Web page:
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Post-Standard interviews novelist Elizabeth Strout '77

The Syracuse Post-Standard interviews Pulitzer Prize-winning author Elizabeth Strout ’77 prior to her appearance at the Central Library, where she delivered the final 2010 Rosamond Gifford Lecture, on Dec. 21.

Strout, an English major who earned an honorary Doctor of Letters degree from Bates in 2010, talks about her devotion to Olive Kitteridge, the problematic and flawed title character of her 2008 novel: “As I was writing it, I personally had a great deal of sympathy for her, as I do with all my characters. I don’t think there’s anybody I write about who I don’t care for deeply in some way no matter what their behavior is.”

About her own writing process, Strout says, “I do a tremendous amount of rewriting. I just obsessively rewrite. Although sometimes there are sections, sometimes you’re just lucky and a paragraph will just kind of come out. And that’s great. But that’s not ordinary in a day’s work. So I just rewrite constantly, constantly, constantly, trying to make sure that every sentence can hold the depth of the feeling I’m trying to get at.”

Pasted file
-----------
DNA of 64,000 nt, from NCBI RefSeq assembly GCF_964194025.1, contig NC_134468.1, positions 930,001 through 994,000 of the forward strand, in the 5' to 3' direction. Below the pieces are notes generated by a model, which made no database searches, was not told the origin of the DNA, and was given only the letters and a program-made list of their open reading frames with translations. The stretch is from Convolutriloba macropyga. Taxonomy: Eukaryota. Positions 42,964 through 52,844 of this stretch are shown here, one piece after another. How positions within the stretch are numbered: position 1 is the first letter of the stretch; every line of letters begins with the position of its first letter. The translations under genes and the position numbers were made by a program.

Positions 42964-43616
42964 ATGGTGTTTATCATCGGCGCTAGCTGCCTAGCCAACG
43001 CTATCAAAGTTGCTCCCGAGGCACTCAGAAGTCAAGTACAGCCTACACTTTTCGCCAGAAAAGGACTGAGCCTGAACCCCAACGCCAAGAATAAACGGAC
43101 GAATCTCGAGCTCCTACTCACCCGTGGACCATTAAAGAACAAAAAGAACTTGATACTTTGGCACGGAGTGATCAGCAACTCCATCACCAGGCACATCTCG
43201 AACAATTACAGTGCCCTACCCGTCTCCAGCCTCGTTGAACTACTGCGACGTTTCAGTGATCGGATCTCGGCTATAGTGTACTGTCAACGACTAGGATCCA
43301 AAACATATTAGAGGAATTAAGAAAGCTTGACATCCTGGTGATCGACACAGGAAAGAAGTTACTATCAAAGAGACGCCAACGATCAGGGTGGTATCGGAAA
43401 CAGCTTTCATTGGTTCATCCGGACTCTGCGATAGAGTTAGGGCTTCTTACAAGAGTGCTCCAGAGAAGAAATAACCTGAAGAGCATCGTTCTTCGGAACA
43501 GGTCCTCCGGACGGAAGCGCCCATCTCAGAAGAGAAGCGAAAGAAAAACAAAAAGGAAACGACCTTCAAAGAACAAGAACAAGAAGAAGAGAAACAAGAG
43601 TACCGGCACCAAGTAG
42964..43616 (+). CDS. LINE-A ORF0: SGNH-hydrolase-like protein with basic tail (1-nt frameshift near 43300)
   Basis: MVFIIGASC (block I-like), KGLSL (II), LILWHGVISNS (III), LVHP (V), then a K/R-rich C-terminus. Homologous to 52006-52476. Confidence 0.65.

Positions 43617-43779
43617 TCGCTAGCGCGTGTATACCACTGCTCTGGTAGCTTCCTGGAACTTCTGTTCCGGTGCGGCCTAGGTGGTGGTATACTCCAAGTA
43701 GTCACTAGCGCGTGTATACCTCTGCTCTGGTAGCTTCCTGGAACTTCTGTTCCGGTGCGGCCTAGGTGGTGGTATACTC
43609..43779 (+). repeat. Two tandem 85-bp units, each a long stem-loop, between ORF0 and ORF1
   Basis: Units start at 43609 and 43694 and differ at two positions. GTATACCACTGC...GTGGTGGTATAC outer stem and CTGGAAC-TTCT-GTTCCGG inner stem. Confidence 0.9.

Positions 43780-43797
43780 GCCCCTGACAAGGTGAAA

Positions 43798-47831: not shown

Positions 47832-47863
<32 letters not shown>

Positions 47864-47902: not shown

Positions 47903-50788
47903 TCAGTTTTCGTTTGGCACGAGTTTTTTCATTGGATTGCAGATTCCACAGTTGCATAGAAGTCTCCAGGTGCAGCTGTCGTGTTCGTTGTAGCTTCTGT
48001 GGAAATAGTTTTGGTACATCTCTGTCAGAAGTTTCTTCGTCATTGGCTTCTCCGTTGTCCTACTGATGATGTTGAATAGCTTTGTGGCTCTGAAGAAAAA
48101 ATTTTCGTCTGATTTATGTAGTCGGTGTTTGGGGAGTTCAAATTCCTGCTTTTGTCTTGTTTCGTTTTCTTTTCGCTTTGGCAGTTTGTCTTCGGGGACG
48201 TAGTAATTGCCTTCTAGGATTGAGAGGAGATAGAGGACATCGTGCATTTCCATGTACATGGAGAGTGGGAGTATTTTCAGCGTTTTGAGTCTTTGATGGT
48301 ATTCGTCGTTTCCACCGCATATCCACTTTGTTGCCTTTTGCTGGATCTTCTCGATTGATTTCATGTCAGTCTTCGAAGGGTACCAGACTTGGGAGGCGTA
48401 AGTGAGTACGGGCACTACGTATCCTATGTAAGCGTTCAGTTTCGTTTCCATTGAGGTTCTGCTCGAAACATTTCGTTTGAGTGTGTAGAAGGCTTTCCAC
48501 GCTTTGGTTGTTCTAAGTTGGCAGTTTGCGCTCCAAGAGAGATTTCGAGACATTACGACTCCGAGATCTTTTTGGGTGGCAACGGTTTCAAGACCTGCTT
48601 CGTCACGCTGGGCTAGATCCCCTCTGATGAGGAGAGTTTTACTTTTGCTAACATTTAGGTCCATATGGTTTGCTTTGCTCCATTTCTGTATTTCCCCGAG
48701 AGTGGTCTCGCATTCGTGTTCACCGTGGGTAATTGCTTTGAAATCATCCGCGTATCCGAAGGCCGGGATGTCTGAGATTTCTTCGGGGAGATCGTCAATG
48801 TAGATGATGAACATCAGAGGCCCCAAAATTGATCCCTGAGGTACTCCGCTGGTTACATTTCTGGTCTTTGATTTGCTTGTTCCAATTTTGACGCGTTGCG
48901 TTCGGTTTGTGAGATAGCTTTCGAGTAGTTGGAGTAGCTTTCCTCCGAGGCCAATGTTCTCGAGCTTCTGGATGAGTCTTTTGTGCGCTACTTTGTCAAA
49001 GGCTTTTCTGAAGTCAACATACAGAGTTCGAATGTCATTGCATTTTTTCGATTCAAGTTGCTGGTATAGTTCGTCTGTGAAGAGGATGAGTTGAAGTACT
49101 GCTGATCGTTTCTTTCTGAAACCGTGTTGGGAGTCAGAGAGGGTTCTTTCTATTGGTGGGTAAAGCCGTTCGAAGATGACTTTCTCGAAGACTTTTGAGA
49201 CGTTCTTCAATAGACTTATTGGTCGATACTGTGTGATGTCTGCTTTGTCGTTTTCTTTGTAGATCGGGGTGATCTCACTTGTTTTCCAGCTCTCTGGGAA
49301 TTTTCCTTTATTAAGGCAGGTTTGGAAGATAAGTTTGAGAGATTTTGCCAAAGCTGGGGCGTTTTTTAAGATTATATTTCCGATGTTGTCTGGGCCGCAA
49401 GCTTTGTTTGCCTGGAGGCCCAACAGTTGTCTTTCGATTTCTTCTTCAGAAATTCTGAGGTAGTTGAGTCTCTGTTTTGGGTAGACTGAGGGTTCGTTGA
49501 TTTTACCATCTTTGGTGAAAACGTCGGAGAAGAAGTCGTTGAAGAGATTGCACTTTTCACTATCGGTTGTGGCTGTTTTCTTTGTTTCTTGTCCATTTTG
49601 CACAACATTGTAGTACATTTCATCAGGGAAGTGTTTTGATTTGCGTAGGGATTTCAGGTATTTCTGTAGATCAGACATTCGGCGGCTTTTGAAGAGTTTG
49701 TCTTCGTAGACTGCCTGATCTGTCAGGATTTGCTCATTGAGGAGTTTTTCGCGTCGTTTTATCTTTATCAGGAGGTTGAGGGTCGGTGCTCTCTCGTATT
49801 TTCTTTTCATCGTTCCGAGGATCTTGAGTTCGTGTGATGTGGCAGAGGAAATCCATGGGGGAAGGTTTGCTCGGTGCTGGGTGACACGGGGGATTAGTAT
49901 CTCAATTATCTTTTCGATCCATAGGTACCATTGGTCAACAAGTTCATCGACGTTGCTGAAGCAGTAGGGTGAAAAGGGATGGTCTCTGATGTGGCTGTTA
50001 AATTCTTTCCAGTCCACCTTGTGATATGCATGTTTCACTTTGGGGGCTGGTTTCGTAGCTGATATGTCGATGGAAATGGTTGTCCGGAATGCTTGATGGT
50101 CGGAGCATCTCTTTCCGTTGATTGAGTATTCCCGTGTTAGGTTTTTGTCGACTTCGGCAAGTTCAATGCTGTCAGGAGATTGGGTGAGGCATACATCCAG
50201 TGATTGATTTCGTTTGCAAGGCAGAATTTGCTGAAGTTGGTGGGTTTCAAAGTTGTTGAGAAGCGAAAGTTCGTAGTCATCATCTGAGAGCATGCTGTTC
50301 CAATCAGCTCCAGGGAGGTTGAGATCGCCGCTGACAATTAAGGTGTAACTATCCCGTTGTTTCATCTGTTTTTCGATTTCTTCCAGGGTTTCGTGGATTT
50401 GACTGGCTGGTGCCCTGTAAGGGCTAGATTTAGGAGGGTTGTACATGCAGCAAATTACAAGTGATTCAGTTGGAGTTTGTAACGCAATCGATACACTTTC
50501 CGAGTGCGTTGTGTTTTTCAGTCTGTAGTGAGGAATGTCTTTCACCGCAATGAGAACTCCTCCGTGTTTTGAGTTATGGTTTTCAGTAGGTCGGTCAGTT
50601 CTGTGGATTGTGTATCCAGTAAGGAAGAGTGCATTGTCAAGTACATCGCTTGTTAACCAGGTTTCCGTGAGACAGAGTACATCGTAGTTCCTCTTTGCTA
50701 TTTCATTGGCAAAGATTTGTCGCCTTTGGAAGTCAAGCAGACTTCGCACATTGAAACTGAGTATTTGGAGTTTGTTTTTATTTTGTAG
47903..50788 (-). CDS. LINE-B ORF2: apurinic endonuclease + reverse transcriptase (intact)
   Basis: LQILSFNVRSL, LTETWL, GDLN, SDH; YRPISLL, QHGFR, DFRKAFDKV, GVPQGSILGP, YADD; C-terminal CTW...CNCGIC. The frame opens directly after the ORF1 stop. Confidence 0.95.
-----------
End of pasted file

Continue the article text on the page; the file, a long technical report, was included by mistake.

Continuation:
And about her brief legal career, after earned her law degree from Syracuse in 1982: “I did work for legal services in Syracuse for six months. But I was a pretty terrible lawyer. A really, really terrible lawyer. I was terrible first of all because I just wanted to be writing stories. And also, I was not adversarial. And I didn’t know that about myself. I hadn’t thought about that. But when my job was to get on the phone and call up somebody and tell them they weren’t giving my clients their proper due in the school system or something like that, it was very, very difficult for me to do that.” View story from the Post-Standard of Dec. 19, 2010.



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